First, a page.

Searching for Strength Following Atlanta Shootings
By Josh Crosson
On Tuesday, a gunman entered three different spas and killed eight people, six of whom were Asian women.
Over the last couple of days, I have been reflecting on these murders that resulted in the deaths of women whose stories I can only imagine. I transpose the faces of the Asian women who have raised me: my mother, my cousins, my unties, my grumma, and all the women I called untie and grumma. These amazing women had the strength, knowledge, and instincts to allow a new generation to flourish. They, too, worked low-wage jobs where they’ve built community and mentorship among other Asian women and could have easily been victims in their places of work.
When I think of the murder of these six women, I can’t help but think about the lives that have been prematurely ended and the countless lives that have been set back.
My mom worked two jobs and sold Avon on the side to allow me the opportunity to enroll in a school that was rigorous. One of those jobs was the graveyard shift of a low-budget hotel near the airport. Her work laid the foundation for my success. My ability to fight for students of color was only made possible by her interpersonal fight for my education. Had her life been taken in a systemic act of violence, who would have fought for me?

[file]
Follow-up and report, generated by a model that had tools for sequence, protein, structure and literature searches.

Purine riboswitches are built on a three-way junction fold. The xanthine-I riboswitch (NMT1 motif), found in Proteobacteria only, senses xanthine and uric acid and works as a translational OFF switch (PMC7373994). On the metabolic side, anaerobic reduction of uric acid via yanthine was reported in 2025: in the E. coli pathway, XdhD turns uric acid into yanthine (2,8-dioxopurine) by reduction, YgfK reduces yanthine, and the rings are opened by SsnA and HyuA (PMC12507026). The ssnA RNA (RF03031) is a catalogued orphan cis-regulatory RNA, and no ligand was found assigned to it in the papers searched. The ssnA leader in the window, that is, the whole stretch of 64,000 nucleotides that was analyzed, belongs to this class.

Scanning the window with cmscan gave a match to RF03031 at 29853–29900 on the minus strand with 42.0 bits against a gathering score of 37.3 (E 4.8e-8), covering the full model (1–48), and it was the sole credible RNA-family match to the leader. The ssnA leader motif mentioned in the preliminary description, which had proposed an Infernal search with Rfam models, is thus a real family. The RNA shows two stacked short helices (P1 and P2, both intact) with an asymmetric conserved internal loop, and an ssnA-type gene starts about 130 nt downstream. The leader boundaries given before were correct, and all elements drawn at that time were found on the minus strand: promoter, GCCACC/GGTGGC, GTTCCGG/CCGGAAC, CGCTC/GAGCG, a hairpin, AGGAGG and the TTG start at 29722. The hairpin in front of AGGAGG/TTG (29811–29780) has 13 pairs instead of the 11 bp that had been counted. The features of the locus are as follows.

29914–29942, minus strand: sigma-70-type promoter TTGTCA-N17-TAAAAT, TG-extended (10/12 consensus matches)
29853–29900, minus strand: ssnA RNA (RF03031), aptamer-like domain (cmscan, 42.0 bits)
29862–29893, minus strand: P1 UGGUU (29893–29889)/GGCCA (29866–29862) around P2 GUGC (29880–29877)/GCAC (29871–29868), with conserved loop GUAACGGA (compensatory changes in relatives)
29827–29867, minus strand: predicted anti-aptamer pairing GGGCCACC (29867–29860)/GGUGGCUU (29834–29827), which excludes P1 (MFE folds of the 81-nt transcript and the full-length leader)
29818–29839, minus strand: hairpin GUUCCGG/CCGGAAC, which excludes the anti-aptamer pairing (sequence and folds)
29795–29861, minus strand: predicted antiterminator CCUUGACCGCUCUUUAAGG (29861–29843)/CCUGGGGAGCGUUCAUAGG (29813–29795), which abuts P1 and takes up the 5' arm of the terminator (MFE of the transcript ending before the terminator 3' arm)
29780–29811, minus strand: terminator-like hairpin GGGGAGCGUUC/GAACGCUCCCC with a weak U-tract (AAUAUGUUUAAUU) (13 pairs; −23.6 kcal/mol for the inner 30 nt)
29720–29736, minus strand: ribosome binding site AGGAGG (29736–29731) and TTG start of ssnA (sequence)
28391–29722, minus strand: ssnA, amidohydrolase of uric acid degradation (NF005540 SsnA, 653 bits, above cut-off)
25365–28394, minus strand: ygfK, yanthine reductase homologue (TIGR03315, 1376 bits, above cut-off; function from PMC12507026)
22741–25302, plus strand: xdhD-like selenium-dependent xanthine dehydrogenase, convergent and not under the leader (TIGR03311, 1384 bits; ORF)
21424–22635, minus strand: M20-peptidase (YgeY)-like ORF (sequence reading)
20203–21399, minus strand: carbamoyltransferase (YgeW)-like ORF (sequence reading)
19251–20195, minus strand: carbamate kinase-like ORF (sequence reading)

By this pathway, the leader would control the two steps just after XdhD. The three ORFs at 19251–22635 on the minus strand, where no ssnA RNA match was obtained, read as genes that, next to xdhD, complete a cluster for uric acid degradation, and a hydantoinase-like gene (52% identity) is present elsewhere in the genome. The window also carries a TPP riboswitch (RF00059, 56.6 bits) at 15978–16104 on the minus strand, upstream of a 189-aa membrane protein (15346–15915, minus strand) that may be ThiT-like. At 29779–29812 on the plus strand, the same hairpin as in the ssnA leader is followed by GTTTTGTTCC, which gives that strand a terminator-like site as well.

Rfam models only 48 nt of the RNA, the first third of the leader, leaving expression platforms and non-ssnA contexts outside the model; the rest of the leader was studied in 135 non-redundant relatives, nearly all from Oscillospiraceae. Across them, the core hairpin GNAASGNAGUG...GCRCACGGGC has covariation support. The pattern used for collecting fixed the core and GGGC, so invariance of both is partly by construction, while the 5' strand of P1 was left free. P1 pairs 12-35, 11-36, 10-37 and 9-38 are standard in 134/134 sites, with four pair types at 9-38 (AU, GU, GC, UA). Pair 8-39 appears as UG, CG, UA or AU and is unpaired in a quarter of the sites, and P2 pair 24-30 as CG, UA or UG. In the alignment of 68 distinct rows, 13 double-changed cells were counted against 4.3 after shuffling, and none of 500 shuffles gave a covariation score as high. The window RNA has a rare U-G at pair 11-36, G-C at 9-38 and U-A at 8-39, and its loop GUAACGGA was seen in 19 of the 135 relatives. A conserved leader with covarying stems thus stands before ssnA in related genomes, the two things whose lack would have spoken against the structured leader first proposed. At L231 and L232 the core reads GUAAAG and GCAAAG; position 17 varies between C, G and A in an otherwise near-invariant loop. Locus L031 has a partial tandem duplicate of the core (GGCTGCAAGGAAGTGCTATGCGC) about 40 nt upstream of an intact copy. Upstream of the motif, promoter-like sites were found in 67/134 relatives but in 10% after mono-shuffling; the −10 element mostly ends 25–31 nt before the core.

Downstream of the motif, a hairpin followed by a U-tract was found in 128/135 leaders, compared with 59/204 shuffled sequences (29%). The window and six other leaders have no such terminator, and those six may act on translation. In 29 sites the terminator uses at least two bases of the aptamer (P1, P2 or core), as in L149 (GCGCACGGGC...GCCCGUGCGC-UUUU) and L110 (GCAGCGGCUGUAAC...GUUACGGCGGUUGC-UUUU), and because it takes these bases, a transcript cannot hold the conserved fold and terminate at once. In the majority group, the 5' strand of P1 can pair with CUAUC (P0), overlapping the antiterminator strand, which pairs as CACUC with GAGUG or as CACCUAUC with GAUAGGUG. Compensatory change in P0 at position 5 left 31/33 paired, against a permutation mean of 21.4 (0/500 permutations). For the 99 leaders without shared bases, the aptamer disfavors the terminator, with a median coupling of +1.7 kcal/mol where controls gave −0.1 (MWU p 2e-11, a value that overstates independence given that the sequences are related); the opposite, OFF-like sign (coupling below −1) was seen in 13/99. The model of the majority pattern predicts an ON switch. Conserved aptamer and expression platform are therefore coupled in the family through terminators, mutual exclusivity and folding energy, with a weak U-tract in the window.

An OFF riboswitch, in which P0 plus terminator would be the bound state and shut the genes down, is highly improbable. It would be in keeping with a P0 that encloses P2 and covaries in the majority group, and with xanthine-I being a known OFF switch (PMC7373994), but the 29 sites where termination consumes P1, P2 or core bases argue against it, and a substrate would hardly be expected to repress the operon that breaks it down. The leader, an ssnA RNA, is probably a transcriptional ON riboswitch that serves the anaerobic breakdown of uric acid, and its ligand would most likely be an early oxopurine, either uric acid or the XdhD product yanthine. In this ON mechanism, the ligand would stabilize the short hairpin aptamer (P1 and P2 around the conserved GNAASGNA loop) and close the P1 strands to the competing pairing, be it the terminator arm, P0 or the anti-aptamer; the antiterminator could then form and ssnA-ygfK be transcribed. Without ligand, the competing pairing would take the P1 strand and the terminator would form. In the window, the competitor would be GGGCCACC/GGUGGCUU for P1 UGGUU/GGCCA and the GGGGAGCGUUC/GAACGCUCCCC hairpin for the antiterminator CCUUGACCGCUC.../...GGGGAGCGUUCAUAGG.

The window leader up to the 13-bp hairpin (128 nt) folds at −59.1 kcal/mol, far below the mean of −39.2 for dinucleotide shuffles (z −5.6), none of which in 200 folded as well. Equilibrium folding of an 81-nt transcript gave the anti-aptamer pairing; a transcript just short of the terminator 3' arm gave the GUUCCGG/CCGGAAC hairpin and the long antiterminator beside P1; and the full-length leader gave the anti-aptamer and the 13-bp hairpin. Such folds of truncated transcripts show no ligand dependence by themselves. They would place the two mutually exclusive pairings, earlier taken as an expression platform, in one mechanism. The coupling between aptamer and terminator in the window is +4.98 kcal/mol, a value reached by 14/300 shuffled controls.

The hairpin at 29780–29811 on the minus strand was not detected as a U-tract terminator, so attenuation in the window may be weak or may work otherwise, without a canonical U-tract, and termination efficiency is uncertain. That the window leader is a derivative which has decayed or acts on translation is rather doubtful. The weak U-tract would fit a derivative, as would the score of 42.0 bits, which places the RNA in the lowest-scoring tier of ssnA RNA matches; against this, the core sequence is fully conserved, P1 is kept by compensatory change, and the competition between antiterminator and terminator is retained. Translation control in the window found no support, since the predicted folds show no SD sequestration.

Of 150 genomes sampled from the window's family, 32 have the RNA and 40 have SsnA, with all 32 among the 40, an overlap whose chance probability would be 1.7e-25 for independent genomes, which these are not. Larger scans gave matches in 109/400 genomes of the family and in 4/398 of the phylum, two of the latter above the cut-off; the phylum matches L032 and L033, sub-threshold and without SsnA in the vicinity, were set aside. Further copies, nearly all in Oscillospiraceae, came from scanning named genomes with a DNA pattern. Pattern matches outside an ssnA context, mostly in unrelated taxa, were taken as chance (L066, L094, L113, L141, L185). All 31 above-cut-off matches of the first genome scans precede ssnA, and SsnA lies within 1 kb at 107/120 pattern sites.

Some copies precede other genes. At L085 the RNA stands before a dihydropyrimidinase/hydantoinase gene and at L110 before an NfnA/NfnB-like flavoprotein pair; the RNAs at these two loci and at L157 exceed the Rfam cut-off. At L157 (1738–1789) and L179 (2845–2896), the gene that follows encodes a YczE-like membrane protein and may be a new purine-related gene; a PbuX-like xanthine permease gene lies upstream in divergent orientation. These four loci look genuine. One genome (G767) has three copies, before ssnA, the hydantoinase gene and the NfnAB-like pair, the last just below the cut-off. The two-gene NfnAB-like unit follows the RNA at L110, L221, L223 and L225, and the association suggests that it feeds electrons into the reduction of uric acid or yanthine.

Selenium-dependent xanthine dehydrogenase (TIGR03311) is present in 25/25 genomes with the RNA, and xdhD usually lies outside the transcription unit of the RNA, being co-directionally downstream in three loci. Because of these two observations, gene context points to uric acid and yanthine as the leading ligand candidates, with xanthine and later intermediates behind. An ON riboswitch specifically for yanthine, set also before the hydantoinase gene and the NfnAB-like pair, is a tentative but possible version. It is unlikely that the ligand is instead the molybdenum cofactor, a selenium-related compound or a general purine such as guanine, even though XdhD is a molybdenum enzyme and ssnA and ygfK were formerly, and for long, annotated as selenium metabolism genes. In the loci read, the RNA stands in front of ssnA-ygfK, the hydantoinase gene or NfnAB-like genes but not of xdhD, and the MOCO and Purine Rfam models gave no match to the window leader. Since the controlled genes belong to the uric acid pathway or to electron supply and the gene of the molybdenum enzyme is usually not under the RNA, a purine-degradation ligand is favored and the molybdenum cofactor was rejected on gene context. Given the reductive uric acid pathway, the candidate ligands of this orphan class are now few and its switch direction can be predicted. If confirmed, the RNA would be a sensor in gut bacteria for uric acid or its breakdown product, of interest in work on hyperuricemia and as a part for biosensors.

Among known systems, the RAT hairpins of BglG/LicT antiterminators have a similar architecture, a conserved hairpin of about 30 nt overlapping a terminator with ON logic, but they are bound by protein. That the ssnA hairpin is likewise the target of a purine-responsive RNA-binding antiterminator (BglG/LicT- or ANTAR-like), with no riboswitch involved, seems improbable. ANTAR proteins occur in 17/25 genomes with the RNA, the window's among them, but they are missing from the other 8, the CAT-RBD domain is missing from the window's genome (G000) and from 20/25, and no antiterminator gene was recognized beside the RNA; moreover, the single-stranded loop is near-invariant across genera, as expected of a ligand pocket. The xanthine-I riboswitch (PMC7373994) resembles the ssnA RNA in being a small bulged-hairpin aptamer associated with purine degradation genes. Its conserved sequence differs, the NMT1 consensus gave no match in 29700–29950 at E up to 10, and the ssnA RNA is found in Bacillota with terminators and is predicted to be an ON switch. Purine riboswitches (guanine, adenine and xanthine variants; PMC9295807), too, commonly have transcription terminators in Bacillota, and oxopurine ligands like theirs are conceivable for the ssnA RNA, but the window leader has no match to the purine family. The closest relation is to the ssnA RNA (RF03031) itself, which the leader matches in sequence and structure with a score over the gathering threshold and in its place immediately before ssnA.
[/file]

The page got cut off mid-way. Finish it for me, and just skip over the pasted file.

These six women were likely immigrants doing what they could to provide for their families, working hard for their own survival, and giving their children the opportunities they’ve only seen in books. Now, the question is, how do we as a community show up for their children?
Today, I show up at EdAllies with a new-found revitalization. Purging our community of white supremacy and showing up for students has never felt so urgent. Our community must do what it needs to do to prevent tragedies like what happened in Georgia from ever happening again, and we must also guarantee that the success of our kids does not hang by a thread especially when their families are torn from them.
EdAllies stands in solidarity and outrage with our Asian community and with our partners like Coalition of Asian American Leaders (CAAL). Please read CAAL’s statement and act now.